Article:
UK spent a record £5.64 billion on film and high-end TV production in 2021

The combined spend by film and high-end television production during 2021 reached £5.64 billion, the highest ever reported, and £1.27 billion higher than for the pre-pandemic year 2019, BFI revealed.

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"No Time To Die"

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The latest official figures published by the BFI’s “Research and Statistics Unit” show further growth in the economic recovery of UK film and high-end TV production in the wake of the pandemic with record levels of spend contributed to the economy. The combined spend by film and high-end television production during 2021 reached £5.64 billion, the highest ever reported, and £1.27 billion higher than for the pre-pandemic year 2019.

April to June was the business part of the production year with £2.29 billion of film and high-end television production spend, the highest 3-month period for film and high-end TV spend on record, outstripping £1.54 billion generated July to September 2019.

Inward investment and co-production films and high-end TV shows delivered £4.77 billion, or 84% of the production spend underlining the UK’s global reputation as the world-leading centre for film and TV production. High-end TV shows accounted for £3.44 billion, or 72% of the combined total spend; feature films contributed £1.33 billion, or 28% of the spend. Inward investment film spend of £1.27 billion is 4% down on 2020; however, a number of films started production in 2020 and carried on in 2021 – their spend is accounted for in the 2020 statistics.

The 2021 production statistics also reveal the increasing investment made by streamer platforms in single long-form productions. In 2021, there were 36 single domestic UK and inward investment productions which contributed £737 million to the high-end TV spend of £4.09 billion. These productions include “Pinocchio,” “Matilda: The Musical,” “Persuasion,” and “Lady Chatterley’s Lover”.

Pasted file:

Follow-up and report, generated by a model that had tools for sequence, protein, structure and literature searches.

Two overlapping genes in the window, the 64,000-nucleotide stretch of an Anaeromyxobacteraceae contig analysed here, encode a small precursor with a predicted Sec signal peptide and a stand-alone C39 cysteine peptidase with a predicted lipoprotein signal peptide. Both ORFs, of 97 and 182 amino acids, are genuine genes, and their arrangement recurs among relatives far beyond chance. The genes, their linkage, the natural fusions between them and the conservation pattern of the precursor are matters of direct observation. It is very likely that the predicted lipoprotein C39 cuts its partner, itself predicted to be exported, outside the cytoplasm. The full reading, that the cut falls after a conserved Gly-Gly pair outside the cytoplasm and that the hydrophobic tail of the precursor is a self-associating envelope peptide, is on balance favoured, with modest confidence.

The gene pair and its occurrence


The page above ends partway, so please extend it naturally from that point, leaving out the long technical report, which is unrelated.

Total admissions for 2021 reached 74 million, an increase of 68% on 2020’s admissions. The year presented two very different half years of business for UK cinemas. The first four months was marked by cinemas being closed and reopening from early May. Then October saw the release of “No Time To Die” and 16.4 million admissions, the third highest October on record. The trajectory of recovery saw admissions reach 38.8 million in the final quarter of the year. The total box office generated by all films on release in the UK and the Republic of Ireland in 2021 was £602 million, a 144% increase on the £247 million in 2020.

“It’s fantastic to see both the record level of spending on film and television production in the UK and the return of audiences to cinemas. We have supported the industry through the pandemic and these brilliant figures highlight the importance of the sector to our economy,”  commented Nadine Dorries, Secretary of State for Digital, Culture, Media and Sport of the United Kingdom.

“The record-breaking level of film and TV production in the UK revealed today is good news for our industry and the UK economy and demonstrates the speed of the sector’s recovery. The groundwork for further growth is underway with expansion of studio spaces and production hot spots across our nations and regions, and working with industry to build up the skilled workforce that we need to meet demand and stay on top of our game. Government support for production with the screen sector tax reliefs and the Film & TV Production Restart Scheme have played an important part in the industry’s growth and recovery,”  added Ben Roberts, CEO of the BFI.

The record-breaking level of film and TV production in the UK revealed today is good news for our industry and the UK economy and demonstrates the speed of the sector’s recovery” Ben Roberts CEO of the BFI